When Is a Robot Not Mechanical? When It's an Android
Made of silicone and rat heart cells, the Medusoid engineered jellyfish's muscles contract like a real jellyfish when placed in liquid and shocked. (Source: California Institute of Technology/Harvard University)
Lipstick on a rat?? Hadn't heard of that one. I agree, Jenn, it's getting creepy when we start combining engineered living tissue with machines. But also fascinating. I think that uncanny valley may be expanding into more of a continent at this point.
Although they are bred for lab experiments, I never really thought of it going much further than rats more than getting injected with drugs that are undergoing testing, or having makeup put on them (wink).
Seriously, though, putting living tissue into robots is a tad bit creepy. More and more, after reading your posts, Ann, am I beginning to understand the term uncanny valley and why it's real.
Lou, I think it's unfortunate that the term "android" has been co-opted by a commercial enterprise, and not very accurately, either. Regarding the Medusoid, I agree about the control system--I'm really curious to know what they have in mind. This isn't quite a robot yet, or an android, but with the correct control system, it could be.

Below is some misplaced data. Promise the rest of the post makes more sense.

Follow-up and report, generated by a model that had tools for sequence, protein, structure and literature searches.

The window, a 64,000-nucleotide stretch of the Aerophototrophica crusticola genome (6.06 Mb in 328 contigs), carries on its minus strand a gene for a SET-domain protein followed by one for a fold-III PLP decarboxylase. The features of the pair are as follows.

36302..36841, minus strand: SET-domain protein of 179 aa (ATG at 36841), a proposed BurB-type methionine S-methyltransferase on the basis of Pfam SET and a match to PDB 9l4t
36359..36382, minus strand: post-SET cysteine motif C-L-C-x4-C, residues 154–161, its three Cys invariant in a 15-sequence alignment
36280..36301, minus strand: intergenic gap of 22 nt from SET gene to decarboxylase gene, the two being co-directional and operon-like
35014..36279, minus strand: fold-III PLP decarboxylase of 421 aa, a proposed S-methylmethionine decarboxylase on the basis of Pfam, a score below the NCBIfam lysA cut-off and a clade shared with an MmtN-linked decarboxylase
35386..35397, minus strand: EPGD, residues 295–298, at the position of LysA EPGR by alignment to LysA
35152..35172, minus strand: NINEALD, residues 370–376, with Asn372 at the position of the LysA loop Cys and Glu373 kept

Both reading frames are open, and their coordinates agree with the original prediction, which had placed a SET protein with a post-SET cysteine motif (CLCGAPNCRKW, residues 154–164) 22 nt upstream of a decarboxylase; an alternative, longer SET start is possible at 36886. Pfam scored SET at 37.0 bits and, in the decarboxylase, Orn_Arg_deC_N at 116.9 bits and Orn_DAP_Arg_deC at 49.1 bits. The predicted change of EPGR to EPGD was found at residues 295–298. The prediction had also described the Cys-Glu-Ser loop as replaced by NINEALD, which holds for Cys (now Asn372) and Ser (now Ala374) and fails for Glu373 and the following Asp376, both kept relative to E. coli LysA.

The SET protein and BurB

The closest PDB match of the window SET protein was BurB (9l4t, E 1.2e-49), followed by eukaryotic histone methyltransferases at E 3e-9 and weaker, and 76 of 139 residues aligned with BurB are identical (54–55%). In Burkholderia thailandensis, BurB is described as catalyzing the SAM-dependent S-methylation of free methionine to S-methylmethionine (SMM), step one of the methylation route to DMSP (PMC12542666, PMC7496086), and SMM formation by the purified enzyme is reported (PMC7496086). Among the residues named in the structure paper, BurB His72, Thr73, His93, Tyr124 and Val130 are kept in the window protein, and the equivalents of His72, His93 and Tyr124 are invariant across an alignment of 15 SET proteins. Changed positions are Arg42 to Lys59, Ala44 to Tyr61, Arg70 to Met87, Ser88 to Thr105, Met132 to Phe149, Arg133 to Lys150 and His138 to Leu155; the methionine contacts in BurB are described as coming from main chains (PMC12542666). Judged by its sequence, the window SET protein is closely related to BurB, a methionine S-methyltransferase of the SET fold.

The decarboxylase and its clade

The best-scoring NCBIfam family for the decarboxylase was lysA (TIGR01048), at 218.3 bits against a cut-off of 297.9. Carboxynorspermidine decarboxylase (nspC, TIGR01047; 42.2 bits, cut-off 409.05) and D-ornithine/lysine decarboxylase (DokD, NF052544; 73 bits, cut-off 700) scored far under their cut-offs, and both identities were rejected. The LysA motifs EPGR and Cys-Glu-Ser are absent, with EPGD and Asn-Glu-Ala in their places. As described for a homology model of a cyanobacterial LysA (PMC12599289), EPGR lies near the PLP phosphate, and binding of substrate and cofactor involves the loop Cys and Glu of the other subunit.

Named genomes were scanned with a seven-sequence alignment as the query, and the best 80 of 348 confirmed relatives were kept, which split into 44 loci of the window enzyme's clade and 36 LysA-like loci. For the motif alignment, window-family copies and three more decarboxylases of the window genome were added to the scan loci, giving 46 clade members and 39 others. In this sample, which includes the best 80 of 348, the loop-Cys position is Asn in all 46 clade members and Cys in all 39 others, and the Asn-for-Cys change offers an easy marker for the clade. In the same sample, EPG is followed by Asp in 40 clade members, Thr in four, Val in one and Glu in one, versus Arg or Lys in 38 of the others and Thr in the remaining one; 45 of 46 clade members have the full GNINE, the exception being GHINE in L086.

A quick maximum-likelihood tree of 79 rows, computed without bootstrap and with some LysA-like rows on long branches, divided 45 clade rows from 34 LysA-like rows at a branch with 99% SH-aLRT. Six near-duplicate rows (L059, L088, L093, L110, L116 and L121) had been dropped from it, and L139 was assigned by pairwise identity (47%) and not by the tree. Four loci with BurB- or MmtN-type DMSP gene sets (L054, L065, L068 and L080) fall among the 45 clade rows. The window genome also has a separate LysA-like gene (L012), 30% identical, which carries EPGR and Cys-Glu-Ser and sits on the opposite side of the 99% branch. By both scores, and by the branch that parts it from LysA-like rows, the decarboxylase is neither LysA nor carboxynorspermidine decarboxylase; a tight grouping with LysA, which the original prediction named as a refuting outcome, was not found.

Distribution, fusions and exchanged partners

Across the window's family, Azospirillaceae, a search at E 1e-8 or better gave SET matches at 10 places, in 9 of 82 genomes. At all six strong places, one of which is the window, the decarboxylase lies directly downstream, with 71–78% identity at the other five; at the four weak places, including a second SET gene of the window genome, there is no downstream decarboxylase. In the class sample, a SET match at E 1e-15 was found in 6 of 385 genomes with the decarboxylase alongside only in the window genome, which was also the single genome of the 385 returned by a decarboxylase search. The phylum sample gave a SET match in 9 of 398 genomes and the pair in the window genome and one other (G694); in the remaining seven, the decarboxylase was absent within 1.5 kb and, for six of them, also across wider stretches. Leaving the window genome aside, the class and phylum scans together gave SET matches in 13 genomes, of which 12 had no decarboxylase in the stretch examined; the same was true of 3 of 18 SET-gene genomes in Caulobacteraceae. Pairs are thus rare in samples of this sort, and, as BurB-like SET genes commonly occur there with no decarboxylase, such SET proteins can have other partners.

Beth, rats are definitely one of, if not the, most common animals used in lab experiments. They are bred specifically for this purpose. And incorporating living bioengineered tissue into robots appears to be a trend. I'll be posting on this subject again soon.
Seems like there is some great research potential at the heart of this project. Rat heart muscle cells--curious about that one. Anything about the rat heart muscle that lends itself to this or is it more that rats are the go-to source for research?
The promise of the Internet of Things (IoT) is that devices, gadgets, and appliances we use every day will be able to communicate with one another. This potential is not limited to household items or smartphones, but also things we find in our yard and garden, as evidenced by a recent challenge from the element14 design community.
If you didn't realize that PowerPoint presentations are inherently hilarious, you have to see Don McMillan take one apart. McMillan -- aka the Technically Funny Comic -- worked for 10 years as an engineer before he switched to stand-up comedy.
The first Tacoma Narrows Bridge was a Washington State suspension bridge that opened in 1940 and spanned the Tacoma Narrows strait of Puget Sound between Tacoma and the Kitsap Peninsula. It opened to traffic on July 1, 1940, and dramatically collapsed into Puget Sound on November 7, just four months after it opened.
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